Thursday, April 21, 2011

A day in the Basement in Carhartts

I love how when I wear Carhartts, I walk differently. The heavy canvas pants—hand-me-downs from Brian—are cut generously through the leg leaving plenty of room for long powerful strides. When I wear Carhartts, I feel like my gait becomes slightly wider, like my legs swing more straightly from my hip sockets, and I feel more like a cowboy heading out to rope and ride. All of which sounds a bit romantic—given that my wearing of Carhartts last weekend was simply about a plumbing project that kept us in the basement at the little place in Waldoboro all Sunday.

But, there is something about a pair of Carhartts. Let’s just forget for a minute that any woman who knows what Carhartts are knows that they do for a man’s ass what no other pant seems to manage. For me, Carhartts make me feel capable, as if someday I’ll actually have a pencil, tape measure, and level stashed away in all those pockets they give you, and I’ll even know what to do with them.

This past weekend, Brian and I replaced most of the supply line plumbing for the new-to-us, yet needy little house in Maine. The old copper pipes were suspect because the water is too acidic, so while we investigate a system to add base to the water, Brian thought it a good idea to replace the old copper with PEX, which would be easy for us to install—and would have the added benefit of being more resistant to bursting if the temp in the basement should fall below freezing for long.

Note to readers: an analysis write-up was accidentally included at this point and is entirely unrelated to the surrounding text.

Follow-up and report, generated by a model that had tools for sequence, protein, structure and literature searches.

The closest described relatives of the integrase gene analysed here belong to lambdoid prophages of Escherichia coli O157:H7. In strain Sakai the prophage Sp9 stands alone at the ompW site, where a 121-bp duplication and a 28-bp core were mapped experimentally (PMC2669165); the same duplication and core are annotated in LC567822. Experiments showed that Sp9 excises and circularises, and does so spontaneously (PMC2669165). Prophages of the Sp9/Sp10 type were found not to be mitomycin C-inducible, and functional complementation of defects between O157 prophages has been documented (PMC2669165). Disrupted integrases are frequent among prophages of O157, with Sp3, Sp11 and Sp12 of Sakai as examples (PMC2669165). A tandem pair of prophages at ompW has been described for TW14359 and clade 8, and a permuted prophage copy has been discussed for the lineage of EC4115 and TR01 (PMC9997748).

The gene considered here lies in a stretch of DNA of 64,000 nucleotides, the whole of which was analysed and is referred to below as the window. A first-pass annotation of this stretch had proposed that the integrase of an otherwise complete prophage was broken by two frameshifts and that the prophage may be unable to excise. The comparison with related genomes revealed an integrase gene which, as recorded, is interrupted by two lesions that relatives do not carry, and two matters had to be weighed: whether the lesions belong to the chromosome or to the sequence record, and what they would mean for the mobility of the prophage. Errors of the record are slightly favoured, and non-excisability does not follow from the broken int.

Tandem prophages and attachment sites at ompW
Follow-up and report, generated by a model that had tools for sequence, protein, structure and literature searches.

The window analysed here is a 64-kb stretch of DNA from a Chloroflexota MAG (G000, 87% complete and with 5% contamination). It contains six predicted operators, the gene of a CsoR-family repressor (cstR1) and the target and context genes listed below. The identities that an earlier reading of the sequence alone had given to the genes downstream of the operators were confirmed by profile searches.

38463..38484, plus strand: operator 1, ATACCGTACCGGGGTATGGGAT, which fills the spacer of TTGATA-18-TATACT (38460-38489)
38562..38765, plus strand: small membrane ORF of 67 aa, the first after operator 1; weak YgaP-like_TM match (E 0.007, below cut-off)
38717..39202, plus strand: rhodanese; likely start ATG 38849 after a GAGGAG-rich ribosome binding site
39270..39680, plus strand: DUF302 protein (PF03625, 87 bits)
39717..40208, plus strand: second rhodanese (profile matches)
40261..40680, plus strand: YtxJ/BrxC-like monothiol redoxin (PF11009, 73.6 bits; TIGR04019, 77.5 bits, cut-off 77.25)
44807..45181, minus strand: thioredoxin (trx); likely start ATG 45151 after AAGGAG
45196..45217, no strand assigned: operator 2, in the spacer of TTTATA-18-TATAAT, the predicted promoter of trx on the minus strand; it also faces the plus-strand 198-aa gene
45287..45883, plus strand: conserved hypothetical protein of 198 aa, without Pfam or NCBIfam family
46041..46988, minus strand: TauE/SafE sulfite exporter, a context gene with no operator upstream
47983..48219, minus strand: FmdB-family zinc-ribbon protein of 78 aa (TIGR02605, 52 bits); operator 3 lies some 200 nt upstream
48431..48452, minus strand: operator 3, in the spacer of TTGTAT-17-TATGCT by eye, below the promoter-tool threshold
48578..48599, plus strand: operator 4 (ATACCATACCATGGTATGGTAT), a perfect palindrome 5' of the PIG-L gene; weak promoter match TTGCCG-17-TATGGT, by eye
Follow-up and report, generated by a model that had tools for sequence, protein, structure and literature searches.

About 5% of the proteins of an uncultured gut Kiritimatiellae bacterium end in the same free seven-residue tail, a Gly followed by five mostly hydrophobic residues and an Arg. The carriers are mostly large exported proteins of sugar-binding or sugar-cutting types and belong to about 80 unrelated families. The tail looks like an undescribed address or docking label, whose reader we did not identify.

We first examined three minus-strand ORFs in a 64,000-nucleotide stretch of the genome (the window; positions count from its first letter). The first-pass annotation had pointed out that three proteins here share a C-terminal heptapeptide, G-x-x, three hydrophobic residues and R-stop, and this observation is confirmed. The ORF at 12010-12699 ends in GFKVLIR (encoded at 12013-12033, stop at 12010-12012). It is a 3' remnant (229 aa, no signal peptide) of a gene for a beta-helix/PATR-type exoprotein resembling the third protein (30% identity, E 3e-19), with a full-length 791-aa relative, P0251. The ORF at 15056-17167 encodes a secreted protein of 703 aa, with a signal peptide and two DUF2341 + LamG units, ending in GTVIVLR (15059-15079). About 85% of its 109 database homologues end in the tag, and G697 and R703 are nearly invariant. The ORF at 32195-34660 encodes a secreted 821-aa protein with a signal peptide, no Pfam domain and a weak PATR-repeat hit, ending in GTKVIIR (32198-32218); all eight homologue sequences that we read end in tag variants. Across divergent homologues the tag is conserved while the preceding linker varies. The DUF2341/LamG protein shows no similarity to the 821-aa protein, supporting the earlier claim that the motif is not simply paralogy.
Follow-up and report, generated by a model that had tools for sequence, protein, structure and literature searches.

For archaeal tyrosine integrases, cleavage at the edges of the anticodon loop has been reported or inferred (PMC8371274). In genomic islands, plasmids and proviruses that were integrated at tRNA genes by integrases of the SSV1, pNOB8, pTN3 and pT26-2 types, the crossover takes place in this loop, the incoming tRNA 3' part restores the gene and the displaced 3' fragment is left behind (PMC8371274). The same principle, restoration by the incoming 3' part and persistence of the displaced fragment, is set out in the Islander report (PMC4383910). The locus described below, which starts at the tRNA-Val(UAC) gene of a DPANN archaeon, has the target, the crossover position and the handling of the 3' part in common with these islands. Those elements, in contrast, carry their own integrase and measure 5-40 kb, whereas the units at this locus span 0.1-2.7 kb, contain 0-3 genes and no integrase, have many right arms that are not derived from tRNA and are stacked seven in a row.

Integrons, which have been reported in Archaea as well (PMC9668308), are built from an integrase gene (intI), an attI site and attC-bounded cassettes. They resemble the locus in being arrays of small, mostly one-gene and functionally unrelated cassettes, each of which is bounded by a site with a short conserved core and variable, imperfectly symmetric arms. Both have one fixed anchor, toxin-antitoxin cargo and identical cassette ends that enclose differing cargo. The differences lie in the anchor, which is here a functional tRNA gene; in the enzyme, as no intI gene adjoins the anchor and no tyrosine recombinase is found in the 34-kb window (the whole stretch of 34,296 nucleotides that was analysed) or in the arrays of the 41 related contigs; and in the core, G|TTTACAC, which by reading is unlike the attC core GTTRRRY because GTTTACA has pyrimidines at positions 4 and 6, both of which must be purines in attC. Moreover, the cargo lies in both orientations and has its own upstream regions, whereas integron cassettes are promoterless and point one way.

The project was one Brian had done before—but was new to me. So the night before donning my mighty Carhartts, I sifted through the massive number of PEX fittings Brian had purchased from our local big box hardware store. It was like sorting my nephew’s Legos; I had no idea what shapes these fittings would take or how they related to the plumbing project as a whole. So, I simply laid them all out on the floor and sorted: half inch elbows, quarter inch straight connectors, half inch reducing connectors, manifolds, valves, plugs, and tees. I read the labels and made little piles.

In the morning, Brian and I sipped coffee from our new local bakery and headed into the dank basement to make sense of all of the connectors and piping. While the project was familiar to Brian, he still had to think through this specific application: Where should the new water filter be mounted? How much of the new PEX should we install before taking out the old copper? Would we have enough of the half inch white PEX to replace the copper all the way into the furnace?

After hours of work with me in the self-appointed role of apprentice, I started to get bored and my mind started drifting to a lobster roll that could be had in Wiscasset—if we managed to wrap up and leave with enough daylight. And, when Brian discovered that absolutely no Teflon plumbing tape could be found anywhere in any of our tool boxes, I was all too happy to dodge out into the late afternoon sun and drive to the end of the peninsula to borrow some from our buddy, Bill, at the Outsider’s Inn.